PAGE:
Leeds is a city in West Yorkshire, England.
His executioner, John Billington, died two months later due to a fall he had sustained while preparing for Tattersall's hanging.
A judicial executioner, also known as a "public executioner", is a person who officially inflicts capital punishment ordered by the state or other legal authority, which was known in feudal terminology as high justice.
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James Berry was an English executioner from 1884 until 1891. Berry was born in Heckmondwike in the West Riding of Yorkshire, where his father worked as a wool-stapler. His most important contribution to the science of hanging was his refinement of the long drop method developed by William Marwood, whom Berry knew quite well. His improvements were intended to diminish mental and physical suffering and some of them remained standard practice until the abolition of capital punishment for murder.
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Eric Dane is an American actor. After appearing in television roles throughout the 2000s with his recurring role as Jason Dean in Charmed being the best known, he became famous for playing Dr. Mark Sloan on the medical drama television series Grey's Anatomy, as well as films, co-starring in Marley & Me (2008), Valentine's Day (2010), and Burlesque (2010). He starred as Captain Tom Chandler in the apocalyptic drama The Last Ship.
Roy Tattersall was an English cricketer who played for Lancashire and played sixteen Tests for England as a specialist off spin bowler. He was born at Bolton, Lancashire, England.
James Roosevelt "Rosy" Roosevelt was an American diplomat, heir, and the older half-brother of 32nd President of the United States Franklin Delano Roosevelt.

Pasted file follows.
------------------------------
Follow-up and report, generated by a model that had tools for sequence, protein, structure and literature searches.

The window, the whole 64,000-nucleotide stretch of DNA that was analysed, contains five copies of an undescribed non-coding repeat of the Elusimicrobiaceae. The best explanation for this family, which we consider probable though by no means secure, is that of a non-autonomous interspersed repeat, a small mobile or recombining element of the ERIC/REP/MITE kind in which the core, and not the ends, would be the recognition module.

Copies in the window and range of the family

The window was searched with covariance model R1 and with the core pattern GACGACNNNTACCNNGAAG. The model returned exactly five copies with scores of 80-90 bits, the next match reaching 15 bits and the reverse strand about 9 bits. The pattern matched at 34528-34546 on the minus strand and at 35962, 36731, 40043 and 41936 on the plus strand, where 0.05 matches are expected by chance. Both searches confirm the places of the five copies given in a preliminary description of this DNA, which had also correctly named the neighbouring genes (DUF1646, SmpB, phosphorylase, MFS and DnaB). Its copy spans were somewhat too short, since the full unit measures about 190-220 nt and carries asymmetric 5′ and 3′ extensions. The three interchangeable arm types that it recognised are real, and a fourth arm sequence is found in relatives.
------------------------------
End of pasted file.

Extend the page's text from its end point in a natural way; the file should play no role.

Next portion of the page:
James Henry "Tish" Corbitt was an English murderer hanged at Strangeways Prison in Manchester by Albert Pierrepoint.
Mine Own Executioner is a 1947 British psychological thriller drama film starring Burgess Meredith and directed by Anthony Kimmins, and based on the novel of the same name by Nigel Balchin. It was entered into the 1947 Cannes Film Festival. The title is derived from a quotation of John Donne's "Devotions", which serves as the motto for the original book.
William James Glazier is an English retired professional footballer who played as a goalkeeper. He is best remembered for his time in the Football League with Coventry City, making just under 400 appearances for the club.
Thomas Billington was an English executioner from 1897 to 1901 and was one of four family members who worked in the occupation.
John Billington was an English executioner. He was on the Home Office list from 1901 to 1905.
William Billington was an English executioner. He was on the Home Office list from 1902 to 1905 and had participated in hangings from 1899.
Robert Orridge Baxter was an English executioner from Hertfordshire. His career lasted from 1915 to 1935, during which he carried out 44 hangings and assisted at 53 others.
Jonathan Andrew Tattersall is an English cricketer who plays for Yorkshire. He is a right-handed batsman who bowls leg breaks. He made his debut for the county in the 2013 Yorkshire Bank 40 against Glamorgan. He is a former England under 19s batsman, and his fielding ability saw him fielding as substitute for the England senior side. Tattersall represented England under 19s at the ICC World Cup.
The Billington family is a British family of English nationality which has had a long history in England as state employed executioners as well as several members who ventured into the world of combat sports and professional wrestling. Men of the family have been noted for their rather short height. Two of the family's sports oriented members would go on to marry into the Canadian Hart wrestling family.